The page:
Fractious contests mark Bihar polls

There have been reports from Bihar that a wedge is developing in the ‘Grand Secular Alliance’ with Chief Minister Nitish Kumar and the RJD Chief Lalu Prasad Yadav differing on many issues. If the reported wedge further develops, both Nitish and Lalu are bound to be doomed with the forerunner in the coming assembly election – the Bharatiya Janata Party (BJP) – gaining the upper hand. Sources close to Nitish and Lalu, however, deny that there is a wedge and the reports to that effect have been circulated to mislead the people.

With Lalu no longer in contention for the chief minister’s post – given his conviction in a corruption case and the consequent disqualification from contesting any election – the only cause of friction could be the distribution of seats. This, too, has been settled with the allocation of seats each constituent will contest in the coming election to the state assembly. Distribution of seats is the most difficult exercise in any alliance, and this was the case in Bihar. But the complex situation was resolved after months of hard negotiations. Accordingly, Bihar’s ruling Janata Dal (United) and Rashtriya Janata Dal (RJD) will contest 100 seats each, leaving 40 for the Congress. Chief Minister Nitish Kumar, who announced the formation of an alliance, said the Nationalist Congress Party has been offered three seats, which it rejected. No seat has been set aside for the Samajwadi Party whose president Mulayam Singh Yadav had brokered peace between Nitish and Lalu Prasad and paved the way for the formation of the alliance to take on the BJP.

There is no overstating the importance of the Bihar election for Modi and the NDA government. Failure to win this election would bring into question BJP’s strategy of fielding Modi as its star campaigner everywhere. If BJP fails to win Bihar, the odds against it in non-Hindi speaking states such as Bengal and Tamil Nadu look insuperable. Therefore, if such a scenario were to occur, it will be fair to say the pro-BJP wave, which began with its Lok Sabha victory last year, has already flowed past its peak.  

The poll bugle in Bihar was sounded by Prime Minister Narendra Modi recently at ‘parivartan’ rally in Gaya. He said every state has an IAS or IPS officer from Bihar. But regrettably over 80 lakh students are forced to share just 25,000 engineering seats in Bihar. Squarely blaming the 25-year-rule of the RJD and JD(U) for this shabby state of affairs, Modi promised that a BJP-led government would rid the state or its ‘Bimaru’ (laggard) tag. The million dollar question is whether his promises still enjoy the credibility they did last year. The promising aspect of Modi’s rally was that it sidestepped questions of caste and religion and focused on development.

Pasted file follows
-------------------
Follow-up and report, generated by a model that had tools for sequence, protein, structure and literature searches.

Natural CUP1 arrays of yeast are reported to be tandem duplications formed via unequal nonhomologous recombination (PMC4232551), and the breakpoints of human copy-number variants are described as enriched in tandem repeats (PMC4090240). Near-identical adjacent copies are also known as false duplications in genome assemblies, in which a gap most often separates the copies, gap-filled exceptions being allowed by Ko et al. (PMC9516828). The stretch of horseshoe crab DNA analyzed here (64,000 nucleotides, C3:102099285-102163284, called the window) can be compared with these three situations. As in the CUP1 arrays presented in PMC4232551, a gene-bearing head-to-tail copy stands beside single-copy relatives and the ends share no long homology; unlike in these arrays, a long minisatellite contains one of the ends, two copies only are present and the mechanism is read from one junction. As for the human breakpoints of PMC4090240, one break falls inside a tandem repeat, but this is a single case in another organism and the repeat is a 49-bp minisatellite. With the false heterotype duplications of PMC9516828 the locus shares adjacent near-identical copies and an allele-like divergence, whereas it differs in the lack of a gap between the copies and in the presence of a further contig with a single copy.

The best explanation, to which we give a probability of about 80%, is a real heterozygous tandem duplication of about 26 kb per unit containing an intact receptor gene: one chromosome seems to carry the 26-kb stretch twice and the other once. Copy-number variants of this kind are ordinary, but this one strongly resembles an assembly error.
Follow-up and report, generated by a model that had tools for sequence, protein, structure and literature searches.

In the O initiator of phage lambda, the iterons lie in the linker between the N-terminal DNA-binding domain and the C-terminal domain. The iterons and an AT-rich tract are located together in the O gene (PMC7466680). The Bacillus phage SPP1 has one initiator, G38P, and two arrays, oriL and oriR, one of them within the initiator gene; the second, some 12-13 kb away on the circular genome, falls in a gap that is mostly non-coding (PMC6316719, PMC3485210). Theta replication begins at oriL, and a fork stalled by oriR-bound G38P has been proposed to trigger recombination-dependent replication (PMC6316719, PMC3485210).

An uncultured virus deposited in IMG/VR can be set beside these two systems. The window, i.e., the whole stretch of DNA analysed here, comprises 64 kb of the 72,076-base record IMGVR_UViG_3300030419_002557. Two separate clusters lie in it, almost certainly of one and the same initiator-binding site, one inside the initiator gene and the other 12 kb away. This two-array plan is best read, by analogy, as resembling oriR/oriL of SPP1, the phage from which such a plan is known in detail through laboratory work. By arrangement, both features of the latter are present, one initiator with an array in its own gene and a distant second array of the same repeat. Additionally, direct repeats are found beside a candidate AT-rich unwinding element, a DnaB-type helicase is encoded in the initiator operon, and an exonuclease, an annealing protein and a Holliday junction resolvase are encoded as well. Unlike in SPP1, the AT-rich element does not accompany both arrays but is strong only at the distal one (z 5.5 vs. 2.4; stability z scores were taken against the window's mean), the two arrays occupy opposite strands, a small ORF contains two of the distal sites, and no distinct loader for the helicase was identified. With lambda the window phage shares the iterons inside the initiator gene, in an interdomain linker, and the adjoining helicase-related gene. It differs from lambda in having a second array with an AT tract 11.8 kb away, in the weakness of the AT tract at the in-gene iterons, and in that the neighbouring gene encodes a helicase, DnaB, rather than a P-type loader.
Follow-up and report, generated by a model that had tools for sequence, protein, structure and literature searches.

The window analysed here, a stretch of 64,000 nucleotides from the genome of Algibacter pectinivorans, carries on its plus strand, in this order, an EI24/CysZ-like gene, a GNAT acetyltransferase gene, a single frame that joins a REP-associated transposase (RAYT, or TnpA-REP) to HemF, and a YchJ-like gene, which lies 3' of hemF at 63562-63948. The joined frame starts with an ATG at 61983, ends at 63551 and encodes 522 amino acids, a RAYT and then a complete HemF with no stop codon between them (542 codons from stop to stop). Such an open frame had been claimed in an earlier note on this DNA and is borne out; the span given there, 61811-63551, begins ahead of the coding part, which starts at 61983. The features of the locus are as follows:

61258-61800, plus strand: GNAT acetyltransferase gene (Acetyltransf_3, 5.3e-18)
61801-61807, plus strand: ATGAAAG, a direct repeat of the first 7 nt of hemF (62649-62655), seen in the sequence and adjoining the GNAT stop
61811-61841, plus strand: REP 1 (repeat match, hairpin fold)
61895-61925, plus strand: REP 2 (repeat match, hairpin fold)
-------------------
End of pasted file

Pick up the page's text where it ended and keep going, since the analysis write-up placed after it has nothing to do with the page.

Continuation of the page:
Nitish Kumar rebuttal to Modi’s attack was vehement. Why doesn’t Modi know that Bihar has already shed its ‘Bimaru’ tag? Far from still lagging the national growth rate, the state habitually outpaces it these days, he said. Taking a leaf out of Modi’s own book, Nitish tried to turn Modi’s pitch into an assault on Bihari pride.     

The Prime Minister has announced a Rs. 1.25 lakh crore package for the poll-bound state, declaring that this sum, together with Rs. 40,000 crore worth of ongoing projects, would “change the face of Bihar”. Given the BJP’s desperation to win the state, a big bang announcement was on the cards. Does Modi’s largesse sound as dramatic as it should? First, no timeline line has been announced for delivery of the package. Second, much of what has been promised may already be part of the plan outlays.

There is already a debate on the DNA issue. It all began when Modi felt that there was something wrong with Nitish Kumar’s DNA. It didn’t match the DNA of democracy, Modi had said at a political rally.  Moreover, he wondered if that was the reason why Bihar remains a ‘Bimaru’ state. Nitish then connected the dots and described Modi’s speech as an assault on Bihari pride. He started a “<g data-gr-id="61">shabd</g> <g data-gr-id="62">wapsi</g>” campaign to force Modi into retracting his comment, which will see 50 lakh people mail bits of their skin, hair and nail for DNA testing. Nitish has used Modi’s DNA remark as a rallying point, which would boost his claim to represent Bihari “Asmita”. In recent years, Nitish has been attempting to step out of the caste-centric atmosphere that has shaped electoral politics in Bihar and project a pattern centered on governance and regionalism.

Nitish is handicapped by the limited social base of his party. The chief minister has sought to draw upon his governance record to expand his mass appeal. He also invokes a picture of Bihar as a victim of the Centre’s economic policies to buttress his credentials as a leader, concerned about regional development and its cultural identity. The DNA campaign is meant to invest some emotion in this politics of regional pride.

(The views expressed are
 strictly personal.)
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